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Myofibroblastic differentiation leads to hyaluronan accumulation through reduced hyaluronan turnover

Jenkins, Robert Hywel, Thomas, Gareth John, Williams, John David and Steadman, Robert 2004. Myofibroblastic differentiation leads to hyaluronan accumulation through reduced hyaluronan turnover. The Journal of Biological Chemistry 279 (40) , pp. 41453-41460. 10.1074/jbc.M401678200

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Abstract

During the initiation and progression of fibrosis there is extensive differentiation of cells to a myofibroblastic phenotype. Because the synthesis of hyaluronan (HA) was recently linked to oncogenic epithelial-mesenchymal transformation, the present study investigated whether increased HA synthesis was also associated with myofibroblastic differentiation. HA synthesis and size were measured by incorporation of [(3)H]glucosamine, ion exchange, and size exclusion chromatography. Hyaluronan synthase (HAS) or hyaluronidase (HYAL) mRNA levels were assessed by reverse transcription-PCR. HYAL was detected by immunoblotting and the degradation of [(3)H]HA. Between 2- and 3-fold more HA appeared in the conditioned medium and became associated with the cells upon myofibroblastic differentiation. Inhibition of HAS and examination of HAS mRNA expression demonstrated that this was not the result of increased synthesis of HA or the induction of HAS 2. After differentiation, however, myofibroblasts metabolized exogenously supplied [(3)H]HA at a slower rate than fibroblasts and expressed lower levels of both HYAL 1 and HYAL 2 mRNA. Immunoblotting revealed more HYAL 1 and 2 in the myofibroblast conditioned medium. After acidification, however, there was no difference in HA degradation. This suggests that much of the released HYAL is inactive and that the observed differences in HA degradation are caused by cell-associated rather than secreted activity. This was confirmed by immunohistochemical staining for HYAL 1 and HYAL 2. This finding indicates the potential importance of the HYAL enzymes in controlling fibrotic progression and contrasts HA synthesis as a mediator of oncogenic transformation with that of HA degradation controlling fibrogenic differentiation.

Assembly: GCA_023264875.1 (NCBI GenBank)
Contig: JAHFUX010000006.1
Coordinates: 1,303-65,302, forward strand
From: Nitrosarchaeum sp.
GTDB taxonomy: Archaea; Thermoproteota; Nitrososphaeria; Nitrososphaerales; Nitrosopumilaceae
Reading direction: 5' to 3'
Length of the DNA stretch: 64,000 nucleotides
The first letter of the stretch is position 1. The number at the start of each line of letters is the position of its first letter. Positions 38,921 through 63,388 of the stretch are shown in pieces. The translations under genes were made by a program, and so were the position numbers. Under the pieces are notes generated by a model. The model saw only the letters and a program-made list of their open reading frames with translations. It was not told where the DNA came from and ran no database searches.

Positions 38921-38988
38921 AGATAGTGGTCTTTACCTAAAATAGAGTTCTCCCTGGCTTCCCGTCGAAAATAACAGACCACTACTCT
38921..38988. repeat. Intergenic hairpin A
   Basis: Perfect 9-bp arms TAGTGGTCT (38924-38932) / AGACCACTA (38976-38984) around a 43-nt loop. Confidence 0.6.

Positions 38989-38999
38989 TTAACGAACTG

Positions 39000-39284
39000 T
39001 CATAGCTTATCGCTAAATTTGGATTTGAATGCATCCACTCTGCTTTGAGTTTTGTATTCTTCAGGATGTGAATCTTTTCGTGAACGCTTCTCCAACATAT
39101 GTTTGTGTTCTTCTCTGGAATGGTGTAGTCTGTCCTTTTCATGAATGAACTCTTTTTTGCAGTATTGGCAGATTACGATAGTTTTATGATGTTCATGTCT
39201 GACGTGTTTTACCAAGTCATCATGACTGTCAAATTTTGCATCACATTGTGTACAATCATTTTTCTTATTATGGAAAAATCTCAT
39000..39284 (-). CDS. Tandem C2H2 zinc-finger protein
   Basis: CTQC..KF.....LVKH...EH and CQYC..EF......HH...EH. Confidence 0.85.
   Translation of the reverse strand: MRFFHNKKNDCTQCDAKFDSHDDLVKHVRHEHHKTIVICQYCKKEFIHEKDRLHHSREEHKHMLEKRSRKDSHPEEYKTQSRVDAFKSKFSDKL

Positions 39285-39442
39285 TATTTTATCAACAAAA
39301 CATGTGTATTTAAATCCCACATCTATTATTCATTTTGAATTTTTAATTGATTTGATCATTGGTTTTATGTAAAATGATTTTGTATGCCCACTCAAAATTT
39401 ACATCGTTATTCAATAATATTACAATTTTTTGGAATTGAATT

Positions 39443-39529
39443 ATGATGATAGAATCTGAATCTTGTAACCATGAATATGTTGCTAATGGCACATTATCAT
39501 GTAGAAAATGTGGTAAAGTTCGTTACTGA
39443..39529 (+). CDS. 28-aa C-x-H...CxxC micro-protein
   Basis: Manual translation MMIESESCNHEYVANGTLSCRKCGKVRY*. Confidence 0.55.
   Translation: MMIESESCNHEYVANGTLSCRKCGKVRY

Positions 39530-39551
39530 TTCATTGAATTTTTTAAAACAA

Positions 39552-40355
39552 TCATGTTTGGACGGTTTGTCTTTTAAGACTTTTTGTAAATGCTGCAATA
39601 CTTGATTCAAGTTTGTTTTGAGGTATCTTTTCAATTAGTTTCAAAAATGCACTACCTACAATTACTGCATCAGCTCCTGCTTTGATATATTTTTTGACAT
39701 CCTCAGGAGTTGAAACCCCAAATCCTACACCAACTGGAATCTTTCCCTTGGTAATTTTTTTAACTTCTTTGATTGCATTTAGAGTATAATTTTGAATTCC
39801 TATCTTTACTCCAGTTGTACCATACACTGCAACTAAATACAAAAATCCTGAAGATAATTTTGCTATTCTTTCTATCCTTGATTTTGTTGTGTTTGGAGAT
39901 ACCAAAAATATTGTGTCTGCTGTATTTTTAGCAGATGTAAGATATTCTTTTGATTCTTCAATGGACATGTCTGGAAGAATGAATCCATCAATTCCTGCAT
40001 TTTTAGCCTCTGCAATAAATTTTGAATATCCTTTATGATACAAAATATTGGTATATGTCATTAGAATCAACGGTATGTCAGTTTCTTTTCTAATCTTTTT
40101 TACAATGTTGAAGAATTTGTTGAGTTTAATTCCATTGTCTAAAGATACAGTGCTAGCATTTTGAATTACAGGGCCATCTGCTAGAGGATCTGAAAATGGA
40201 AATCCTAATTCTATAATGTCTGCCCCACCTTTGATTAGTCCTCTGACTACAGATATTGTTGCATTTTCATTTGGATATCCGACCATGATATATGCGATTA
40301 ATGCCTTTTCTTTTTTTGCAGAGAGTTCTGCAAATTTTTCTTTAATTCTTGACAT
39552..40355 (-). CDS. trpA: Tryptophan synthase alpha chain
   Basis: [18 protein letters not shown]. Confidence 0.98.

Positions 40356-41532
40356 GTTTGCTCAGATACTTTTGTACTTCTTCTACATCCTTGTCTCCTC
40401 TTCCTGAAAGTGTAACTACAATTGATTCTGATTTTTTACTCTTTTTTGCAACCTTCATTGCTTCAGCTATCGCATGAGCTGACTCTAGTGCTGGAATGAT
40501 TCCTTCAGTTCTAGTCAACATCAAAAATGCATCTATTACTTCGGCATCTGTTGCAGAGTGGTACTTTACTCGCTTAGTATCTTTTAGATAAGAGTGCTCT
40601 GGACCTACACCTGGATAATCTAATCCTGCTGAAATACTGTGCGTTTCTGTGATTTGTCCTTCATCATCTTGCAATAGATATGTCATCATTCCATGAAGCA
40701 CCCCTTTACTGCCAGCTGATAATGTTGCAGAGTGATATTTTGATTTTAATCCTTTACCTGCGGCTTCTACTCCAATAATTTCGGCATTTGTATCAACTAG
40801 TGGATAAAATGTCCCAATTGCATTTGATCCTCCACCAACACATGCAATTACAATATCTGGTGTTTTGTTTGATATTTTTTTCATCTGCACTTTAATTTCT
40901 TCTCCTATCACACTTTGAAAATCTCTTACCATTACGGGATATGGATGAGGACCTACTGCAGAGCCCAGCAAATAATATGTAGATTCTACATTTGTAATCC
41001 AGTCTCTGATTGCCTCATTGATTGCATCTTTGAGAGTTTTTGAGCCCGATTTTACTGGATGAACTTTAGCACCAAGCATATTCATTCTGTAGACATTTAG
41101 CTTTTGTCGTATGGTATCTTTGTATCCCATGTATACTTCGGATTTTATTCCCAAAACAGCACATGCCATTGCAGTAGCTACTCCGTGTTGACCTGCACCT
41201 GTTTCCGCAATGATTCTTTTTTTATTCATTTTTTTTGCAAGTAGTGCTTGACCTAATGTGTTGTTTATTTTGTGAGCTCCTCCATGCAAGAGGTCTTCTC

Item Type: Article
Date Type: Publication
Status: Published
Schools: Medicine
Publisher: American Society for Biochemistry and Molecular Biology
ISSN: 1083-351X
Last Modified: 30 Jun 2017 01:31
URI: http://orca.cf.ac.uk/id/eprint/402

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